©2005 Jim Butcher; (P)2008 Penguin Audiobooks
Actor/director/teacher. Split my time between Beijing and Seattle now. Listen to Audible on the subway and while driving. Love the reviews.
This is warmed over but still tasty at times. Butcher is a better than competent story teller and gives us a wide spectrum of engaging characters along with an interesting and fairly satisfying central conflict. Probably the best thing about this series is the world the author has created--full of well crafted surprises and well integrated. With one exception...
For me, the greatest weakness of this book was the inconsistency in the use of magic. Other reviewers have already mentioned this, and it is a definite problem. Fury craft only gets used by the major players, and then only when the author is ready to extricate them from a very difficult situation. Just one for-instance out of scores of these slips--an assault on a defensive wall which relies on climbing poles which should have been destroyed quickly and easily by the wood crafters among the defenders. As a result of these lapses, the magic in the world becomes a device rather than a convincing and reliable aspect of Butcher's otherwise solid creation.
I'm trying to decide whether to pick up the second book in the series. Word is that it improves as it goes on, but I am not sure it is worth a credit. Especially since there is so much superb fantasy writing available these days.
I love to read sci-fi, fantasy, and an occasional murder mystery. If one day I can be a successful author I will consider myself one of the few and fortunate.
This novel just proves Jim Butcher's ability as a great writer. I started out with Dresden files, which is another great series, and stumbled upon furies of Calderon. The novel is nothing like Dresden files, but still very well written. No longer are you inside the head of one character, now third person dominates the narrative. If you are expecting Harry Dresden in medieval times you will be disappointed. Instead think of Romanesque legions and law, complete with a king and a senate. The outer dwellings with stead holds and strategically placed citadels. Now imagine Furies or elementals bonding with humans giving them each unique abilities (varying in strength depending on the character) relating directly to the nature of the fury. Imagine a world with deadly and mystical creatures, savage natives, and treachery from every angle. Can you imagine the new depth of fighting? Attacks from the air, the ground, and even from within your own body. Jim Butcher creates a novel with familiar parallels while at the same time breaking the rules (in a clever and intriguing way) Kate Reading is a great narrator. She is perfect for this type of novel. Her voice is elegant and her British accent sets the mood for the novel perfectly(Think Lord of the Rings narrator). Never have I been so pleasantly surprised as I was when listening to this novel. I'm just one person but I say GET IT! I hope you'll enjoy it as much as my wife and me.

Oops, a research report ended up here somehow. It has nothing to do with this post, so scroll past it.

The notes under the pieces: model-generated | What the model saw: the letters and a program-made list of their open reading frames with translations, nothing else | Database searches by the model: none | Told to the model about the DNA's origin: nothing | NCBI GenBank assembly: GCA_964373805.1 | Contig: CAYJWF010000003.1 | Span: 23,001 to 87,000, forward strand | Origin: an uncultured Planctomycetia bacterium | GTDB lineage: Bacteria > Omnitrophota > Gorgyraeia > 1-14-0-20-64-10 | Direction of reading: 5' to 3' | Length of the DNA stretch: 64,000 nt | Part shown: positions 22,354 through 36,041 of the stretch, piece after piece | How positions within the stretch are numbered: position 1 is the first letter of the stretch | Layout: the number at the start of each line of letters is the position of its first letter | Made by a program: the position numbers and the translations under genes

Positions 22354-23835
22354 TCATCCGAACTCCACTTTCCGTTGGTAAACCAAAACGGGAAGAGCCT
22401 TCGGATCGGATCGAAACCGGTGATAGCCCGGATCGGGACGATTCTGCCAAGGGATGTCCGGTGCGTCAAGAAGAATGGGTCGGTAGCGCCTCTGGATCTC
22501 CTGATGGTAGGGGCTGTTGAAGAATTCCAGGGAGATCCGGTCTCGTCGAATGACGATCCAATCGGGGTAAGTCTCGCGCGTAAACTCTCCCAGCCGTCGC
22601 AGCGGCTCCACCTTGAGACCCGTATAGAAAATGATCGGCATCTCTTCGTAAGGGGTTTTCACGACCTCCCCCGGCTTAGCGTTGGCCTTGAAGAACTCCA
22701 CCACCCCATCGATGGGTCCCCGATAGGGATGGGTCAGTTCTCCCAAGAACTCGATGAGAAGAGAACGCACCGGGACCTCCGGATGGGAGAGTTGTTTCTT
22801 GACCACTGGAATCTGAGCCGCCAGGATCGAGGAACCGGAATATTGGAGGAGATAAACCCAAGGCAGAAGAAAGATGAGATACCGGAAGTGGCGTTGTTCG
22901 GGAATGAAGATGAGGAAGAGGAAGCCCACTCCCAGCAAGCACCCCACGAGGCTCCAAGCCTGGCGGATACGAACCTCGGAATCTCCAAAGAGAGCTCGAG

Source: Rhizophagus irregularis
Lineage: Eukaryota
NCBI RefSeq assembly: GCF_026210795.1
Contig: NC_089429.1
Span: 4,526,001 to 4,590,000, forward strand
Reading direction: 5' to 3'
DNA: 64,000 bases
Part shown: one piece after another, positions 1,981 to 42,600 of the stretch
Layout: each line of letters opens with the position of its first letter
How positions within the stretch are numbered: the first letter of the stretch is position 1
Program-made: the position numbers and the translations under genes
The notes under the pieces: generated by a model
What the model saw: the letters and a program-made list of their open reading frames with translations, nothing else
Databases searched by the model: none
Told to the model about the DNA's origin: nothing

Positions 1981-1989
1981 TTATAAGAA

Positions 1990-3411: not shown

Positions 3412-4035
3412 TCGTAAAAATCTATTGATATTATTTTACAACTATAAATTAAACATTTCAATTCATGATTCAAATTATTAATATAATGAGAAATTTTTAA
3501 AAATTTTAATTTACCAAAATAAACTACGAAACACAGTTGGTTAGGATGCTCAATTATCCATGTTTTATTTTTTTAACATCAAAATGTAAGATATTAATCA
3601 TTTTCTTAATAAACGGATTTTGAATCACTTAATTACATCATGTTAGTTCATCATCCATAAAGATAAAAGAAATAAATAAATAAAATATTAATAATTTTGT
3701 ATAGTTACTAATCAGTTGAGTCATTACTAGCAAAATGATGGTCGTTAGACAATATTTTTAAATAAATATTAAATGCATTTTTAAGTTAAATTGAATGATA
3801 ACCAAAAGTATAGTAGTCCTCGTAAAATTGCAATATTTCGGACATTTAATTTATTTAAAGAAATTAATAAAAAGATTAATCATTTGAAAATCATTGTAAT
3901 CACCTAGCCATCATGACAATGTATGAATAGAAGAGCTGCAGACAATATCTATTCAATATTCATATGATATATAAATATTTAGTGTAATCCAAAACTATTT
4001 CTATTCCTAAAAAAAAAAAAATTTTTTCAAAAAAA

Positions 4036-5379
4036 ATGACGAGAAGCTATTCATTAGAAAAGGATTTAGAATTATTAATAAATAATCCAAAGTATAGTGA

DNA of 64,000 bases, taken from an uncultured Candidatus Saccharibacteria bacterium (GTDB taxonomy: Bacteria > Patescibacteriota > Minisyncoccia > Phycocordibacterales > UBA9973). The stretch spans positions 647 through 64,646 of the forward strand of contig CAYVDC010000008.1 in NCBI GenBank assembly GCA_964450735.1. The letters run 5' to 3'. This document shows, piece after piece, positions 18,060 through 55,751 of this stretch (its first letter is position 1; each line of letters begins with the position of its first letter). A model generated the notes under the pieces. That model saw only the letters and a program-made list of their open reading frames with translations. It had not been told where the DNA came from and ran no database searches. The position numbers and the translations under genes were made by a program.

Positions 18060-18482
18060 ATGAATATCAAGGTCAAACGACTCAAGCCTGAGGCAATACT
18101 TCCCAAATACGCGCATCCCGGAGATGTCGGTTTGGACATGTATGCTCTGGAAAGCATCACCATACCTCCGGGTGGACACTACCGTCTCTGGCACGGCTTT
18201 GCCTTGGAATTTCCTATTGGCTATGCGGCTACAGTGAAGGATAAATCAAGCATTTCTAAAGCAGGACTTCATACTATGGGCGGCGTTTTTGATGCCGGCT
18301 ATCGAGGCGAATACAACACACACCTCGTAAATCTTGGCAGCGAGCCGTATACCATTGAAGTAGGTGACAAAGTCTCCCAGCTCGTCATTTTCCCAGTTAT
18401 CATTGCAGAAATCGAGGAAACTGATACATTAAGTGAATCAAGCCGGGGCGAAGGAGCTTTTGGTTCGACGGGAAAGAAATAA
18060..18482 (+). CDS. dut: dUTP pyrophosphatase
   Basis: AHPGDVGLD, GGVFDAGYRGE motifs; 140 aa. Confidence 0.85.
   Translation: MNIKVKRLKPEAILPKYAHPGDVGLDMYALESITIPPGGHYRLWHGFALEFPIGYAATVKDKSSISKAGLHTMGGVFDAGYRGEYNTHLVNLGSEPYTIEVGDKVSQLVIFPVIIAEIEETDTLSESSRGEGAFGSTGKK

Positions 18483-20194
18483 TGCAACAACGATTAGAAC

I am thoroughly impressed with these works. I am generally hard to please, as a reader, as there are far too many wannabe authors in the world who think they are good writers. Jim Butcher is an excellent writer and a brilliant story teller. These books get better and better which each in the series. I literally could not put them down and listened to all of them back to back, every chance I had - and the finale is due out November of 2009.
Tavi, the protagonist, is a great "fool" who stumbles his way into a very archetypal hero's journey, and manages to arise victorious through cunning, wisdom and intelligence, not magical powers.
Is this a children's book/series? No way. Very graphic violence, and adult situations (not pornographic though).
This is definitely not some of Jim Butcher's best work. I'm left wondering if this is one of his earlier novels that he was unable to get published before the success of the Dresden books. The quality of the writing improves steadily after the first third or so. Enough, for me, to make it worth it to get the next one. I had put off getting it for some time because of an earlier review that made it sound like the book was full of graphic rape and bestiality. That was definitely an exaggeration. The reference to bestiality was a single line and the scenes involving the rape were not graphic - although I think the book would have been better if they had been left out altogether. I've certainly read worse books from other well established authors. If the rest of the series is up to Jim Butcher's usual standards, then I will be happy to have read this one.